flink-user mailing list archives

Site index · List index
Message view « Date » · « Thread »
Top « Date » · « Thread »
From Stephan Ewen <se...@apache.org>
Subject Re: What is the equivalent of Spark RDD is Flink
Date Thu, 31 Dec 2015 00:37:15 GMT
Concerning question (2):

DataSets in Flink are in most cases not materialized at all, but they
represent in-flight data as it is being streamed from one operation to the
next (remember, Flink is streaming in its core). So even in a MapReduce
style program, the DataSet produced by the Map Function does never exist as
a whole, but is continuously produced and streamed to the ReduceFunction.

The operator that executes the ReduceFunction materializes the data as part
of its sorting operation. All materializing batch operations (sort / hash /
cache / ...) can go out of core very reliably.

Greetings,
Stephan



On Wed, Dec 30, 2015 at 4:45 AM, Sourav Mazumder <
sourav.mazumder00@gmail.com> wrote:

> Hi Aljoscha and Chiwan,
>
> Firstly thanks for the inputs.
>
> Couple of follow ups -
>
> 1. Based on Chiwan's explanation and the links my understanding is
> potential performance difference may happen between Spark and Flink (during
> iterative computation like building a model using a Machine Learning
> algorithm) across two iterations because of the overhead of starting a new
> set of tasks/operators.Other overheads would be same as both stores the
> intermediate results in memory. Is this understanding correct ?
>
> 2. In case of Flink what happens if a DataSet needs to contain data which
> is volume wise more than total memory available in all the slave nodes ?
> Will it serialize the memory in the disks of respective slave nodes by
> default ?
>
> Regards,
> Sourav
>
>
> On Mon, Dec 28, 2015 at 4:13 PM, Chiwan Park <chiwanpark@apache.org>
> wrote:
>
>> Hi Filip,
>>
>> Spark executes job also lazily. But It is slightly different from Flink.
>> Flink can execute lazily a whole job which Spark cannot execute lazily. One
>> of example is iterative job.
>>
>> In Spark, each stage of the iteration is submitted, scheduled as a job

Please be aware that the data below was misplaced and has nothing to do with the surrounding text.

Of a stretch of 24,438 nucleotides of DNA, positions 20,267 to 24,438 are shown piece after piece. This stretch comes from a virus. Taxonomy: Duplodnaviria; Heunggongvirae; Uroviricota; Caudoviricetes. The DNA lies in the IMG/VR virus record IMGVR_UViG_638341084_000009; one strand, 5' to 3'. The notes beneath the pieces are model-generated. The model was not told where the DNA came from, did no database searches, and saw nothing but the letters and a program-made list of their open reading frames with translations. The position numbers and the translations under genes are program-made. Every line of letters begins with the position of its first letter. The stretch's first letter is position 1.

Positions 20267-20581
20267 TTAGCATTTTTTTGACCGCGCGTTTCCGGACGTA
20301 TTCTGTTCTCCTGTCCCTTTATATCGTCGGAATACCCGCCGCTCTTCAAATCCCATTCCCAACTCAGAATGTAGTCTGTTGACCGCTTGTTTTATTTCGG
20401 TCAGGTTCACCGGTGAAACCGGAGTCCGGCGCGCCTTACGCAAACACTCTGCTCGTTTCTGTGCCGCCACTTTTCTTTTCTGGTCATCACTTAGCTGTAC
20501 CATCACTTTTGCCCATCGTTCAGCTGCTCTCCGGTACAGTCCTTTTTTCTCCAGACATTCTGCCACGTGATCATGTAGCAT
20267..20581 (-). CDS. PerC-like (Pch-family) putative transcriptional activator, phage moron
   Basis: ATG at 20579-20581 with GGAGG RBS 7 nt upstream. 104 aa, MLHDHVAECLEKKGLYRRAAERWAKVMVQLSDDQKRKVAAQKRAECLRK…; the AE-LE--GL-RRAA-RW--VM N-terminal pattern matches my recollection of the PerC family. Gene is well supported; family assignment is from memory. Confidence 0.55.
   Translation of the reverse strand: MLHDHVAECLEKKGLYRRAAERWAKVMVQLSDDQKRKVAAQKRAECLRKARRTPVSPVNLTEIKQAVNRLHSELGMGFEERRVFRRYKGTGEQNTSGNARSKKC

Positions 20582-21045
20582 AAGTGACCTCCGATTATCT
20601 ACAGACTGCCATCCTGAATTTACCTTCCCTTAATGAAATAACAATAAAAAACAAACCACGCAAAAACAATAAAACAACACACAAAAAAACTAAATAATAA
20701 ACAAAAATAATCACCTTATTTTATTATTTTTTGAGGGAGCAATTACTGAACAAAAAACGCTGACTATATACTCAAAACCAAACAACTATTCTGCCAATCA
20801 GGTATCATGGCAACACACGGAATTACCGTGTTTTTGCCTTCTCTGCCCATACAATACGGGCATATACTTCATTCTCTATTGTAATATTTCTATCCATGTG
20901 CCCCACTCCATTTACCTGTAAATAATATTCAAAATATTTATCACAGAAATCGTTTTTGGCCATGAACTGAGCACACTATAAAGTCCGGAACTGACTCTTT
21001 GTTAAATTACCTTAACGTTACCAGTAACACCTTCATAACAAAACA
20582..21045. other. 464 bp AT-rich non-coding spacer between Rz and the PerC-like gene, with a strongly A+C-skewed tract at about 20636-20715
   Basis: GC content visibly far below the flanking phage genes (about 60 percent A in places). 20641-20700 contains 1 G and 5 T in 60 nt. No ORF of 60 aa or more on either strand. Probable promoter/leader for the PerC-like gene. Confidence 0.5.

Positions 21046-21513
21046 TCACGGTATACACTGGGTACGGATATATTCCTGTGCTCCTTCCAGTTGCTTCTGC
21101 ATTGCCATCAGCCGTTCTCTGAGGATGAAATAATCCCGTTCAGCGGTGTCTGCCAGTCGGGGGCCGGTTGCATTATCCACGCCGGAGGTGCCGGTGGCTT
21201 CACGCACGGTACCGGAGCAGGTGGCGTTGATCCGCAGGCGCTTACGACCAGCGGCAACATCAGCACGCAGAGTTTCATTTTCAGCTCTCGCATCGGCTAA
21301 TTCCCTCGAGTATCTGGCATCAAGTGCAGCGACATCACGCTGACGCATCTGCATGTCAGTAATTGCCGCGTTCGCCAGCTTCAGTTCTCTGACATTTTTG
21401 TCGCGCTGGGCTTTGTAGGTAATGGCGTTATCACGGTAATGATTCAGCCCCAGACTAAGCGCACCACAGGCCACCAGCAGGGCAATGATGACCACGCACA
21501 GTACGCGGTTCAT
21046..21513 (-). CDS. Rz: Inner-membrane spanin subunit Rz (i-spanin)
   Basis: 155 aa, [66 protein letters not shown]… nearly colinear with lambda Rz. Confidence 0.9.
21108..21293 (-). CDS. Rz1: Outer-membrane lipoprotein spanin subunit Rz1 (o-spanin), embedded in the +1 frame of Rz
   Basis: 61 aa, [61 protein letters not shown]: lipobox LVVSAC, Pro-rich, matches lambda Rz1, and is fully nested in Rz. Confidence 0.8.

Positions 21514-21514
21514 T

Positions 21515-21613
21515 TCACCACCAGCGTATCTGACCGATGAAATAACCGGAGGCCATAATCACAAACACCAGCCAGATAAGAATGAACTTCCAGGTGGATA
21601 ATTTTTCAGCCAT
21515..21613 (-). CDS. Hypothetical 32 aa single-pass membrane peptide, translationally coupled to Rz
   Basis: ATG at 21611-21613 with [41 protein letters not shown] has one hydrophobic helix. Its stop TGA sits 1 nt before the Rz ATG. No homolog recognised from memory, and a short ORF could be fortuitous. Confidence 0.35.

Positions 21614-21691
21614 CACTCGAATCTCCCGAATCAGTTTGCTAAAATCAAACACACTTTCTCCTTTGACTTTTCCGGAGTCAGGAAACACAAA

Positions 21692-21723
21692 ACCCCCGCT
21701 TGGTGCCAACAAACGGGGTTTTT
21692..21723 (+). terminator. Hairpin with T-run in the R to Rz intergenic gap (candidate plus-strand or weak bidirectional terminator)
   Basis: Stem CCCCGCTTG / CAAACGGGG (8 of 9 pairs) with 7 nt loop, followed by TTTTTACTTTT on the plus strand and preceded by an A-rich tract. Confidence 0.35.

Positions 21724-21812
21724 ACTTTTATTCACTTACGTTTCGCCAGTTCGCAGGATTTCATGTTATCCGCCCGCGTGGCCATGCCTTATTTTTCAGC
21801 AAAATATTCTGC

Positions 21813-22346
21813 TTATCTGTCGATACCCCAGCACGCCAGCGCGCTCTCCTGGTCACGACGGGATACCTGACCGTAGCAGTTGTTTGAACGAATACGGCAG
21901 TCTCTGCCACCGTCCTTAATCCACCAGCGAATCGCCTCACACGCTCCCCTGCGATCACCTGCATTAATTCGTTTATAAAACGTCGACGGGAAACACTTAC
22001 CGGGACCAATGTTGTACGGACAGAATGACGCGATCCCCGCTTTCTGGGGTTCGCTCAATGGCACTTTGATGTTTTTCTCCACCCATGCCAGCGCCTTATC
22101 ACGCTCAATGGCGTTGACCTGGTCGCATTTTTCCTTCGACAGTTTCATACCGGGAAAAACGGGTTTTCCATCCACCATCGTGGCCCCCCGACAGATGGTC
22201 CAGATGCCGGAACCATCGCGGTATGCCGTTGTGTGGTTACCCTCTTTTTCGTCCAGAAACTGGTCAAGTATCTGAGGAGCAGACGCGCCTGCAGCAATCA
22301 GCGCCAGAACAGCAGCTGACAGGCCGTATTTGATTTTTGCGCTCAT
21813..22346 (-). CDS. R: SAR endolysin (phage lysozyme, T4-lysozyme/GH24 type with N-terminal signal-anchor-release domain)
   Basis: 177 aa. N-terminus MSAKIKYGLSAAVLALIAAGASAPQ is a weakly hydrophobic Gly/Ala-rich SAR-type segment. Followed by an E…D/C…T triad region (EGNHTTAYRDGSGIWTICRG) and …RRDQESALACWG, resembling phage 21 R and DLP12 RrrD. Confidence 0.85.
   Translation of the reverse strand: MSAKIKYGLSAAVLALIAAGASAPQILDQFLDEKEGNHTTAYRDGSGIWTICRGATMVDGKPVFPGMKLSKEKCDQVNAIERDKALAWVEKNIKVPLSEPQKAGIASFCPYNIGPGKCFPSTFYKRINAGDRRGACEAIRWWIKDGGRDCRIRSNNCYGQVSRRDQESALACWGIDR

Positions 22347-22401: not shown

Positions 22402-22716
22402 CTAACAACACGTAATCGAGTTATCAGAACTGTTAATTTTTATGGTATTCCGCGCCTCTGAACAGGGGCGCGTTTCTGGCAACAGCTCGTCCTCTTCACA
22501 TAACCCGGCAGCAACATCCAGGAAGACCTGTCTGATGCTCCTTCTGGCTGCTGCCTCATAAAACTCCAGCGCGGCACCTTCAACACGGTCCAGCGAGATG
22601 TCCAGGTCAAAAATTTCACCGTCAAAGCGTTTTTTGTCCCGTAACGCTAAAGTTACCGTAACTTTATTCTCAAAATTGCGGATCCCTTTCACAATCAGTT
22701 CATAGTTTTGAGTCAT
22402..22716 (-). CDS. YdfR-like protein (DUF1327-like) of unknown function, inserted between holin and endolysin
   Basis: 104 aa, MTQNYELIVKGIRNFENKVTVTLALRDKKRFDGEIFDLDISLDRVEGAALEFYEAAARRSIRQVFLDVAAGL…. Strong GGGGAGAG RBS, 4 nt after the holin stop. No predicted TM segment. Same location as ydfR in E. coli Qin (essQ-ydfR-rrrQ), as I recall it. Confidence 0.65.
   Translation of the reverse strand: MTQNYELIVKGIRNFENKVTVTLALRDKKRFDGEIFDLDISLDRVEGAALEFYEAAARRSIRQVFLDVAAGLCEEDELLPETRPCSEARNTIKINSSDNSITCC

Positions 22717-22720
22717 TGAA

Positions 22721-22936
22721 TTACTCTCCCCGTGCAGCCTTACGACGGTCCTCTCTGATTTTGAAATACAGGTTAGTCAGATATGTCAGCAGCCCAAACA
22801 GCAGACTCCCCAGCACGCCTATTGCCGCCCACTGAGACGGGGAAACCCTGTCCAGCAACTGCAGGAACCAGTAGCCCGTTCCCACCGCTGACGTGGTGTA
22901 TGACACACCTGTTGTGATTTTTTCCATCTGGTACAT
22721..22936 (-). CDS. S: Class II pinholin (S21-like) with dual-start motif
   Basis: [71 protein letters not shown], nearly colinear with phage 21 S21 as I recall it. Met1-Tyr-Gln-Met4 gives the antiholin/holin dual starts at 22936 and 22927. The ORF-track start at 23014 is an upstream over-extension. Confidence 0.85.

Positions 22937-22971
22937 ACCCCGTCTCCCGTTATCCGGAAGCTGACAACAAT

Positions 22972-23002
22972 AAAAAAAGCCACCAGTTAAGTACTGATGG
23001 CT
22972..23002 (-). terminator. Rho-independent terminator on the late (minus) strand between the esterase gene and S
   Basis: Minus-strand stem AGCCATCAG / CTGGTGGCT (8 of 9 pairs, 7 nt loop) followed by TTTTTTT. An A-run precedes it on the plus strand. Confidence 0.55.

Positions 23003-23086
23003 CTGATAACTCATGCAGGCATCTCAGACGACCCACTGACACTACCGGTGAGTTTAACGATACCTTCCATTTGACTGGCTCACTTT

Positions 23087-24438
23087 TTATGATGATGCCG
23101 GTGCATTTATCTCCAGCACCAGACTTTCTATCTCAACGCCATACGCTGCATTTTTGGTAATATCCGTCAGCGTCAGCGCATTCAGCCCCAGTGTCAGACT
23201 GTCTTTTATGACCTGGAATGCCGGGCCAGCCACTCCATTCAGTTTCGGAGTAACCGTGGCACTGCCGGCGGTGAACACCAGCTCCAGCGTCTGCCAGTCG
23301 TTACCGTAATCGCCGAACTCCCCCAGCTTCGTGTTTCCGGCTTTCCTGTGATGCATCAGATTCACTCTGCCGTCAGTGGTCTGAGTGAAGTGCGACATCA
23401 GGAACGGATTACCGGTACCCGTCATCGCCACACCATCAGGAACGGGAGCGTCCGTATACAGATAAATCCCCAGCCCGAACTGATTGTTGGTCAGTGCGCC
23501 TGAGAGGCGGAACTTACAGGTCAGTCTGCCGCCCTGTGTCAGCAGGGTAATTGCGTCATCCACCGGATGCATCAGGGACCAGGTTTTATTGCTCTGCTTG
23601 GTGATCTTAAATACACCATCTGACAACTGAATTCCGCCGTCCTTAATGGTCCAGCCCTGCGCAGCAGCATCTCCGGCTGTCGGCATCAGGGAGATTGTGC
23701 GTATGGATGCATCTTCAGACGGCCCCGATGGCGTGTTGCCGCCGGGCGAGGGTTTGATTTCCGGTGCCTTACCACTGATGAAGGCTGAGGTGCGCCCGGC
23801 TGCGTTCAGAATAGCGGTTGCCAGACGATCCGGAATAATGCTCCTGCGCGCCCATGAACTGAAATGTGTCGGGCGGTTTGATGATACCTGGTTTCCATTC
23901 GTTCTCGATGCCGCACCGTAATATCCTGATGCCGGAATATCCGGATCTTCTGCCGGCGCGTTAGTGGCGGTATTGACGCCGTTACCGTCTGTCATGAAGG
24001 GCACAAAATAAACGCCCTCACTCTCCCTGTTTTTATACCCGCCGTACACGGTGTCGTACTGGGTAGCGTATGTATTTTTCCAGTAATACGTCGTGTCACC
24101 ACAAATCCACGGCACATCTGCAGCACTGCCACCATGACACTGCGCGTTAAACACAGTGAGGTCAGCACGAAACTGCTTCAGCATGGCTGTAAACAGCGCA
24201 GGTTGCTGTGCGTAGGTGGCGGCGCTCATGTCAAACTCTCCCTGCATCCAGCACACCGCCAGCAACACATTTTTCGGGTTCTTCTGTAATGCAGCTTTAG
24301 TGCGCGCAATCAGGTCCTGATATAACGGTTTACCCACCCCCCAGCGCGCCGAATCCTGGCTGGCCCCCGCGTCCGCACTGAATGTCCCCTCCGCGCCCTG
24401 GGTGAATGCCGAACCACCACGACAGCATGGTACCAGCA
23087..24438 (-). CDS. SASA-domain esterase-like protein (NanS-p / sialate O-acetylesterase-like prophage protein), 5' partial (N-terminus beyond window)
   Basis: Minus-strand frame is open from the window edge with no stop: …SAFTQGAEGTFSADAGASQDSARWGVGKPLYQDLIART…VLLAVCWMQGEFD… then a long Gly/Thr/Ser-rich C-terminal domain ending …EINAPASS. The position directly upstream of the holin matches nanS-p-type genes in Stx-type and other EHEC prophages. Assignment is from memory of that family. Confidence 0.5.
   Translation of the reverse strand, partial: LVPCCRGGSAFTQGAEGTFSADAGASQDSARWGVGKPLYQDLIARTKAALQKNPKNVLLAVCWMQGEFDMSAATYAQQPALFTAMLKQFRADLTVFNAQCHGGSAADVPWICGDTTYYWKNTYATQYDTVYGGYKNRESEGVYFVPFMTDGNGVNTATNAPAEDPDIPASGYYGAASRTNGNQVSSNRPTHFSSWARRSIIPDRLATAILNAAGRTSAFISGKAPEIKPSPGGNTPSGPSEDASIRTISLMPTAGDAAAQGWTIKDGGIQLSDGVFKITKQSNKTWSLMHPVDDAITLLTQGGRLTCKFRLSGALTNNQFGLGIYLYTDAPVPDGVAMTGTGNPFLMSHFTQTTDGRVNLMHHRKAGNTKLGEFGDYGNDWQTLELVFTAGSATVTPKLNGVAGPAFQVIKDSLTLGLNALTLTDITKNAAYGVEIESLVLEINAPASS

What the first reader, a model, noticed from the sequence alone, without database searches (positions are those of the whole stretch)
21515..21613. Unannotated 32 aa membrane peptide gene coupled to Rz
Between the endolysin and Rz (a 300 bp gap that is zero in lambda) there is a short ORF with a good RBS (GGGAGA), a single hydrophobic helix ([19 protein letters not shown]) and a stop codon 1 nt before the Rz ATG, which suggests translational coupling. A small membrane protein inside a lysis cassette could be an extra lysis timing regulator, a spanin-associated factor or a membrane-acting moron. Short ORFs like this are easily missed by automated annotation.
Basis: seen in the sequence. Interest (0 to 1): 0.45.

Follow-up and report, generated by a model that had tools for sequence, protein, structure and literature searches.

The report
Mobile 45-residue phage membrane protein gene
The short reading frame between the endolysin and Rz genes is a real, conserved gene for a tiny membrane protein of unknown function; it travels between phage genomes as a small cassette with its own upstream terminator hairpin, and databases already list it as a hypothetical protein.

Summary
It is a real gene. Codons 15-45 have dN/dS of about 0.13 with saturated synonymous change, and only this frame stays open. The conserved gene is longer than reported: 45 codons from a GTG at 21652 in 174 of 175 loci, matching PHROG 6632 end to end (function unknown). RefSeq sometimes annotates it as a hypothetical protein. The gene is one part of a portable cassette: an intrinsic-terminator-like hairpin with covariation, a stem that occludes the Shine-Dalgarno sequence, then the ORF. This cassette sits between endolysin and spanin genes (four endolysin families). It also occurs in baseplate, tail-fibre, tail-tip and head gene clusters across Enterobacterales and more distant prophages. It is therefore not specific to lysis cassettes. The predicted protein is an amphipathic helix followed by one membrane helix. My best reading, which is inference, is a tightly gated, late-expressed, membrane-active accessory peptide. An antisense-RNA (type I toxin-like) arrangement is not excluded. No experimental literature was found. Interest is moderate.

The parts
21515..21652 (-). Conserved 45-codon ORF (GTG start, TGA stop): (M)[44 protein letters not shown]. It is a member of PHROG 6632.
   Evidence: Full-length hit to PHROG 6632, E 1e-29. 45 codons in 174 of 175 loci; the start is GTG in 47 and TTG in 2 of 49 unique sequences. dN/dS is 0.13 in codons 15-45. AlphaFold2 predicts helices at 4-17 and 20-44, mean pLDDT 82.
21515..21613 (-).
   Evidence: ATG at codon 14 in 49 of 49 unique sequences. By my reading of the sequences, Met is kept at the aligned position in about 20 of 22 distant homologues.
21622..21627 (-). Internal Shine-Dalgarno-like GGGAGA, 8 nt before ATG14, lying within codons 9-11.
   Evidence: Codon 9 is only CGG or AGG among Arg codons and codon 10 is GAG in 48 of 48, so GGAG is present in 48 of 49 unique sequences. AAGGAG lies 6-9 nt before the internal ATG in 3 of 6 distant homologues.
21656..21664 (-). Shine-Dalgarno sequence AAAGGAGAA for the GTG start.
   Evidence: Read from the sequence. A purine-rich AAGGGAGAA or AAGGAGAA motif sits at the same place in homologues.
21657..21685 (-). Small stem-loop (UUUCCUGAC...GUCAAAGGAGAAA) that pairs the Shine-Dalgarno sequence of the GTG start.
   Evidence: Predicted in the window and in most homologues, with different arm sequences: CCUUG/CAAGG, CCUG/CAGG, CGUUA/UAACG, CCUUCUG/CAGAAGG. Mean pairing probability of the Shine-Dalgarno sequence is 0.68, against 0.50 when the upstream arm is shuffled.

>> and executed because of calling action in last of each iteration. In Flink,
>> although the job contains iteration, user submits only a job. Flink cluster
>> schedules and runs the job once.
>>
>> Because of this difference, in Spark, user must determine something more
>> such as “Which RDDs are cached or uncached?”.
>>
>> In 22 page and 23 page of ApacheCon EU 2014 slides [1] and Fabian’s
>> answer in SO [2] would be helpful to understand this differences. :)
>>
>> [1]: http://www.slideshare.net/GyulaFra/flink-apachecon
>> [2]:
>> http://stackoverflow.com/questions/29780747/apache-flink-vs-apache-spark-as-platforms-for-large-scale-machine-learning
>>
>> > On Dec 29, 2015, at 1:35 AM, Filip Łęczycki <filipleczycki@gmail.com>
>> wrote:
>> >
>> > Hi Aljoscha,
>> >
>> > Sorry for a little off-topic, but I wanted to calrify whether my
>> understanding is right. You said that "Contrary to Spark, a Flink job is
>> executed lazily", however as I read in available sources, for example
>> http://spark.apache.org/docs/latest/programming-guide.html, chapter "RDD
>> operations" : ". The transformations are only computed when an action
>> requires a result to be returned to the driver program.". To my
>> understanding Spark implements the same lazy execution principle as Flink,
>> that is the job is only executed when a data sink/action/execute is called
>> and before that only a execution plan is built. Is that correct or are
>> there other significant differences between Spark and Flink lazy execution
>> approach that I failed to grasp?
>> >
>> > Best regards,
>> > Filip Łęczycki
>> >
>> > Pozdrawiam,
>> > Filip Łęczycki
>> >
>> > 2015-12-25 10:17 GMT+01:00 Aljoscha Krettek <aljoscha@apache.org>:
>> > Hi Sourav,
>> > you are right, in Flink the equivalent to an RDD would be a DataSet (or
>> a DataStream if you are working with the streaming API).
>> >
>> > Contrary to Spark, a Flink job is executed lazily when
>> ExecutionEnvironment.execute() is called. Only then does Flink build an
>> executable program from the graph of transformations that was built by
>> calling the transformation methods on DataSet. That’s why I called it lazy.
>> The operations will also be automatically parallelized. The parallelism of
>> operations can either be configured in the cluster configuration
>> (conf/flink-conf.yaml), on a per job basis
>> (ExecutionEnvironment.setParallelism(int)) or per operation, by calling
>> setParallelism(int) on a DataSet.
>> >
>> > (Above you can always replace DataSet by DataStream, the same
>> explanations hold.)
>> >
>> > So, to get back to your question, yes, the operation of reading the
>> file (or files in a directory) will be parallelized to several worker nodes
>> based on the previously mentioned settings.
>> >
>> > Let us now if you need more information.
>> >
>> > Cheers,
>> > Aljoscha
>> >
>> > On Thu, 24 Dec 2015 at 16:49 Sourav Mazumder <
>> sourav.mazumder00@gmail.com> wrote:
>> > Hi,
>> >
>> > I am new to Flink. Trying to understand some of the basics of Flink.
>> >
>> > What is the equivalent of Spark's RDD in Flink ? In my understanding
>> the closes think is DataSet API. But wanted to reconfirm.
>> >
>> > Also using DataSet API if I ingest a large volume of data (val lines :
>> DataSet[String] = env.readTextFile(<some file path and name>)), which may
>> not fit in single slave node, will that data get automatically distributed
>> in the memory of other slave nodes ?
>> >
>> > Regards,
>> > Sourav
>> >
>>
>> Regards,
>> Chiwan Park
>>
>>
>>
>>
>

Mime
View raw message